The 31-year-old was preparing for a work trip with environmental group Oceana in the next few days, but her request to enter the country was blocked by US authorities, the Daily Mail has reported.
It is believed her trip last year to Somaliland, which the US recognises as part of Somalia, could have played a part.
Such travel woes could be embarrassing for her partner, who is due to meet US President Donald Trump at the G7 summit in France over the weekend.
Before travelling to America, UK citizens can apply for an Electronic System for Travel Authorization (ESTA), which allows travel to the country for up to 90 days without having to apply for a visa.
But those who have visited Somalia since March 2011 may not be eligible for an ESTA and could have their request refused, according to the US Embassy and Consulates website.
Despite being denied, a person can then go through the normal process of applying for a visa. It was not clear if Ms Symonds had applied for an ESTA.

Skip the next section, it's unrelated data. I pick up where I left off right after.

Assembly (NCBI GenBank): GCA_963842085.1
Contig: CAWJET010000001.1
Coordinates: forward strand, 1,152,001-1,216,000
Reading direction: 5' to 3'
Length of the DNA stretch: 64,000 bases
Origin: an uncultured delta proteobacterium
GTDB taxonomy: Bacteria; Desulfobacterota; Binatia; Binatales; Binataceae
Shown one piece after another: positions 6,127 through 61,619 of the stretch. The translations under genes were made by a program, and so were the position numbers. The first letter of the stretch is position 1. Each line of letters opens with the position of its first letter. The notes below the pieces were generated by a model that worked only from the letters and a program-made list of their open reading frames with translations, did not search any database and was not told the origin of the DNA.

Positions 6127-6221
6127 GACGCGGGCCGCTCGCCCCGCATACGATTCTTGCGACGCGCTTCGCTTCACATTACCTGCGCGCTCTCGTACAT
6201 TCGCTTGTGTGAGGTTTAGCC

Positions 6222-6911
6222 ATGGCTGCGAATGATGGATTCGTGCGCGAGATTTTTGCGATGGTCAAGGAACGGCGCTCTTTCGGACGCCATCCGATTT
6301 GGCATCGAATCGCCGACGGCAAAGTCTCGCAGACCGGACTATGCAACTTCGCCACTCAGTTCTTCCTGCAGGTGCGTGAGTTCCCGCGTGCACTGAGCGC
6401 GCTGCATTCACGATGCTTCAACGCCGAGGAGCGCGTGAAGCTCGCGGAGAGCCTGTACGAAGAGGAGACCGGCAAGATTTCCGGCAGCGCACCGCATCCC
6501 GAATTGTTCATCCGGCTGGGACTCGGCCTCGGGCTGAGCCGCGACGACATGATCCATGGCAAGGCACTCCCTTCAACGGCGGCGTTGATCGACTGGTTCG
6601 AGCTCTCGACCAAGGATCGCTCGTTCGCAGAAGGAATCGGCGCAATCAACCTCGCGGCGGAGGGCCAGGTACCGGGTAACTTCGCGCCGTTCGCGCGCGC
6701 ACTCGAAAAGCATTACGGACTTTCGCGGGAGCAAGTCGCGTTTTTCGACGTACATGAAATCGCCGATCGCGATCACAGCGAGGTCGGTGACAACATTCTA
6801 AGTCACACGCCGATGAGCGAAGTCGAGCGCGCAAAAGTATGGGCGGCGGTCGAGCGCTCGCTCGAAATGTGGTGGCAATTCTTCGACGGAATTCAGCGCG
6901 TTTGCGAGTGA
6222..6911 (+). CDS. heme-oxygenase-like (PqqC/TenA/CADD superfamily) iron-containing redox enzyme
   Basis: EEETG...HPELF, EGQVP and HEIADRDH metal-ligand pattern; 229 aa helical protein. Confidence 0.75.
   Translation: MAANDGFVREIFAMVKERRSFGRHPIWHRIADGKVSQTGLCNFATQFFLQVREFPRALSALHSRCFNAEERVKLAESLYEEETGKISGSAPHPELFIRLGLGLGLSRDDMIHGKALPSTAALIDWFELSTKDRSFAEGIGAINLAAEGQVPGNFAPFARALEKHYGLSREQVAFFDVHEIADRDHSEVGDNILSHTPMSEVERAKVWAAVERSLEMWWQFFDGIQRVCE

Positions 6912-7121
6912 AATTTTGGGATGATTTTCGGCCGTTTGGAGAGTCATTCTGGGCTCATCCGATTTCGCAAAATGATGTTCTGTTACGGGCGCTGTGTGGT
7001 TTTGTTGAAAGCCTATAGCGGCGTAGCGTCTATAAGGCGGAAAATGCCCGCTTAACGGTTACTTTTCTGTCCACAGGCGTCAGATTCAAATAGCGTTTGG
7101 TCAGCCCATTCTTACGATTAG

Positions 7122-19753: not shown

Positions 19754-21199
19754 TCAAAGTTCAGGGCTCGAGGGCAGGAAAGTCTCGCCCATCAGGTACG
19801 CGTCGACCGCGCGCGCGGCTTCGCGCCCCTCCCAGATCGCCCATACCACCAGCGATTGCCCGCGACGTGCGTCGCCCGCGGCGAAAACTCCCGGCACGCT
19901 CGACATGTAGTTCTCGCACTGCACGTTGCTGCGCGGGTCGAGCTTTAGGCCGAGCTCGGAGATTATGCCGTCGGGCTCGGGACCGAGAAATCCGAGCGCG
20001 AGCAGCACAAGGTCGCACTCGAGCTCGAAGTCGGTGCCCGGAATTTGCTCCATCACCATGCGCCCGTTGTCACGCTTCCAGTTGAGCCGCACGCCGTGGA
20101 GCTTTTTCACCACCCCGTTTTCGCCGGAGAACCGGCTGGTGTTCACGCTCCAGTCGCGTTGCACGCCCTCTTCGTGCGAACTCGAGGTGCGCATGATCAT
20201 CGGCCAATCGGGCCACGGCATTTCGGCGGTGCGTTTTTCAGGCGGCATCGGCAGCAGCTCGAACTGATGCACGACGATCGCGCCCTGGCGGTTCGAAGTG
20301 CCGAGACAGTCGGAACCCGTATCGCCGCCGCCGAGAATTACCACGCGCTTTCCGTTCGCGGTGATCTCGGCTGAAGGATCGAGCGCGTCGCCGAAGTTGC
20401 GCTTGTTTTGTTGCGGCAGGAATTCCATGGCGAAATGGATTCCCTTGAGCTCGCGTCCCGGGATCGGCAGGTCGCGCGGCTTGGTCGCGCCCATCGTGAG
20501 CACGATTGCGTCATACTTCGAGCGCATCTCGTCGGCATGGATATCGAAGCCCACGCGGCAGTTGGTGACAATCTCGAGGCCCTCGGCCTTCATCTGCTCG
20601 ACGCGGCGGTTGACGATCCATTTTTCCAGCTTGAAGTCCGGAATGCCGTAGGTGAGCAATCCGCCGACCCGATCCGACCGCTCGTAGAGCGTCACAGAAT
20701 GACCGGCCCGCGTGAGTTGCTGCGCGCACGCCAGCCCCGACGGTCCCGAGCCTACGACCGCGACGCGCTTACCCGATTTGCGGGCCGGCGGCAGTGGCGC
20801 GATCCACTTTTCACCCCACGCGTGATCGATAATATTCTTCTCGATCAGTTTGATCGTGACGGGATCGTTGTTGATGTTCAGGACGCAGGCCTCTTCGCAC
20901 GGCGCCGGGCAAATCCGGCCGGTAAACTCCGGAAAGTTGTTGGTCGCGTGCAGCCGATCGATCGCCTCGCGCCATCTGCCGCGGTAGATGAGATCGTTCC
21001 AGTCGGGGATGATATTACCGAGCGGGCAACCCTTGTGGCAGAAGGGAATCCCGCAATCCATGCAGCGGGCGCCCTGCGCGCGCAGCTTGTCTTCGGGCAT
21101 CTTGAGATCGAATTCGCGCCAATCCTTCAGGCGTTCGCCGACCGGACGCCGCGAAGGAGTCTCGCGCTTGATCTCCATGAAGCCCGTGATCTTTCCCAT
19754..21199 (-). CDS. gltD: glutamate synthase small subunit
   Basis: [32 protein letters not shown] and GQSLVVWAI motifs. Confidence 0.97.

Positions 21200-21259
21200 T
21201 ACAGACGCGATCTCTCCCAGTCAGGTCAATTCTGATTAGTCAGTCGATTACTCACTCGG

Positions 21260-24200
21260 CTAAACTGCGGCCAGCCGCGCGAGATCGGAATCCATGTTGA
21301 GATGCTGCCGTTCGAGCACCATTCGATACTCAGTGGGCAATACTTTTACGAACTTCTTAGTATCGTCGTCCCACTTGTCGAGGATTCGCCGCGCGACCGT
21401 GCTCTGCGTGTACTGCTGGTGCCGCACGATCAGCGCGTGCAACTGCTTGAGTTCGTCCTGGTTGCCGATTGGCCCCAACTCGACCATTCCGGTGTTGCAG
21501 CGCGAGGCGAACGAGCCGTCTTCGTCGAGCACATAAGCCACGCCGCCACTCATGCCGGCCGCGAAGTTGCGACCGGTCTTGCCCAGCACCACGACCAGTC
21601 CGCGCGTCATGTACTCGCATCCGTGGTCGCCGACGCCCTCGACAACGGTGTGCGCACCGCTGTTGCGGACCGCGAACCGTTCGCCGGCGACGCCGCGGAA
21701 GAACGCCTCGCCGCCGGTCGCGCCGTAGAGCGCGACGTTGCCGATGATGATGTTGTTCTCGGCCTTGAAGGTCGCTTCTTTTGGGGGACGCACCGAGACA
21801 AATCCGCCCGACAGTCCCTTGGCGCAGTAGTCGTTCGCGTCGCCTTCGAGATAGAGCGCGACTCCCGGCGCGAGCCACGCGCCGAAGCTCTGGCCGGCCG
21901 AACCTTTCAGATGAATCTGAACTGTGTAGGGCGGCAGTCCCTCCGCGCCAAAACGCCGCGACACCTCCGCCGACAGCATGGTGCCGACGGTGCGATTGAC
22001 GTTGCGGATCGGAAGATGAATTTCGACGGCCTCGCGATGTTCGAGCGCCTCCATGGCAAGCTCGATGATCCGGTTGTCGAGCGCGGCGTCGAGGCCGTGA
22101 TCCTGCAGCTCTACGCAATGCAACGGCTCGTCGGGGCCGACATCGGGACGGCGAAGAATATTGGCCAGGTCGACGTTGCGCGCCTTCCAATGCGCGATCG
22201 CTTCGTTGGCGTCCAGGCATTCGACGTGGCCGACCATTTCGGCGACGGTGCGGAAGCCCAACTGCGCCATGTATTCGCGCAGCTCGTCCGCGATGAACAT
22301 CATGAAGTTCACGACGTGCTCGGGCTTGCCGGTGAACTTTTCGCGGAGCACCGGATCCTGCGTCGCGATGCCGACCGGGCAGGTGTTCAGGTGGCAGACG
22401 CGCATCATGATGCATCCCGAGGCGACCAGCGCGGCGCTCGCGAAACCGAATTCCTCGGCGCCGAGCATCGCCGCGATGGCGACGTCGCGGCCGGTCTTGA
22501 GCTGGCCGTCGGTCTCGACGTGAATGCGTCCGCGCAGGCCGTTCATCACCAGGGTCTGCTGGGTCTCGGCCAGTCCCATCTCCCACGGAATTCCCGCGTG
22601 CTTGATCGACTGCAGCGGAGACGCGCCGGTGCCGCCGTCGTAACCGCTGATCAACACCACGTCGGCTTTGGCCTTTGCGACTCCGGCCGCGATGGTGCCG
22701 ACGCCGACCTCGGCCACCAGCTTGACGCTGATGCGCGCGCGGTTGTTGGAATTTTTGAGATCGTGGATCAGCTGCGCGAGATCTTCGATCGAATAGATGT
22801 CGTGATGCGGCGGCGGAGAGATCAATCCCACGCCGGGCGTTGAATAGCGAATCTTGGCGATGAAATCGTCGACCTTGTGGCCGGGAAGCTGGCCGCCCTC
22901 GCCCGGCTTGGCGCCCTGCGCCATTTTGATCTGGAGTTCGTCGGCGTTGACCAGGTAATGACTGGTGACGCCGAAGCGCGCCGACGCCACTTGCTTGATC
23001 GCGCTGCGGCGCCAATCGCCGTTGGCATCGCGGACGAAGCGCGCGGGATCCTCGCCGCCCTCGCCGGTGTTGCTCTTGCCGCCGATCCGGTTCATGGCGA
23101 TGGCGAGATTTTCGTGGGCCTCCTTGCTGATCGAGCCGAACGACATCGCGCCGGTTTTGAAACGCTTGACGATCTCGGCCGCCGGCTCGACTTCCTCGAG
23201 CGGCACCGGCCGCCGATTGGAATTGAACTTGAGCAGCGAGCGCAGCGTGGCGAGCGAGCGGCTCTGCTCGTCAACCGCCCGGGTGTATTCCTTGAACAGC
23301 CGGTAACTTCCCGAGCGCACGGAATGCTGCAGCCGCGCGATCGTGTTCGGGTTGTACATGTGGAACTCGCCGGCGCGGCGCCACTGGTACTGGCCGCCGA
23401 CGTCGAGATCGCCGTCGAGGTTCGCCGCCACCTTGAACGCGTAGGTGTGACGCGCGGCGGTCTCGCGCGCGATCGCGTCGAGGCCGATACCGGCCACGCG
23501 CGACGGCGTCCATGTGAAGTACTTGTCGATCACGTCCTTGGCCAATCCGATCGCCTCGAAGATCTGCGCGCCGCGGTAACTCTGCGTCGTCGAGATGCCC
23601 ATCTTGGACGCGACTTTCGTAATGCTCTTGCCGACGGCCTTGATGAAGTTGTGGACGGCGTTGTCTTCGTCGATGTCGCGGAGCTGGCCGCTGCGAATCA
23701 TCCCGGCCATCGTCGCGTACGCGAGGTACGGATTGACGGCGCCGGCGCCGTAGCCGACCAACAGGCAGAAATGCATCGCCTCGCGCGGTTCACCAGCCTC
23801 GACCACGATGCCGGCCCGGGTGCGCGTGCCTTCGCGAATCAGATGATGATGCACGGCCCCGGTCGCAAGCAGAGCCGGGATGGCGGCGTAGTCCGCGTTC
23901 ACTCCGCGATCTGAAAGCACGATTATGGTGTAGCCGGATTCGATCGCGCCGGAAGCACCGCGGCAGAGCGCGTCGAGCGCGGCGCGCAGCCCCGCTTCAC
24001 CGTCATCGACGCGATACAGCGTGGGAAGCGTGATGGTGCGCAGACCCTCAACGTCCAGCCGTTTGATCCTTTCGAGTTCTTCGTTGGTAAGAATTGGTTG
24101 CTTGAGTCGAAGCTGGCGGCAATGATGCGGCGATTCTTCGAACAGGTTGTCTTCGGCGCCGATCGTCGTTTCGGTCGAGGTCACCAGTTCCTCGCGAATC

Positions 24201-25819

Nimco Ali, Ms Symonds’ travel partner last year, responded to reports of the travel issue by saying that Somaliland was “Africa’s best kept secret”.
She added: “For 28 years without international assistance we have rebuilt our Country and are the only democracy in the Horn of Africa. I am happy to personally show anyone around the land I was sourced from.”
Ayan Mahamoud, head of the Somaliland Mission to the UK, said it is a “peaceful and stable” state which “continues to suffer the consequences of non-recognition”.
She added: “US visa restrictions often deter UK nationals from travelling to Somaliland; and our citizens – both at home and abroad – face significant travel restrictions.
“This impacts freedom of movement, harms our economy and risks deterring investors.”
Ms Symonds, who lives at Downing Street, holds no official role and is not supported by taxpayers. Downing Street has declined to comment on her visa issue.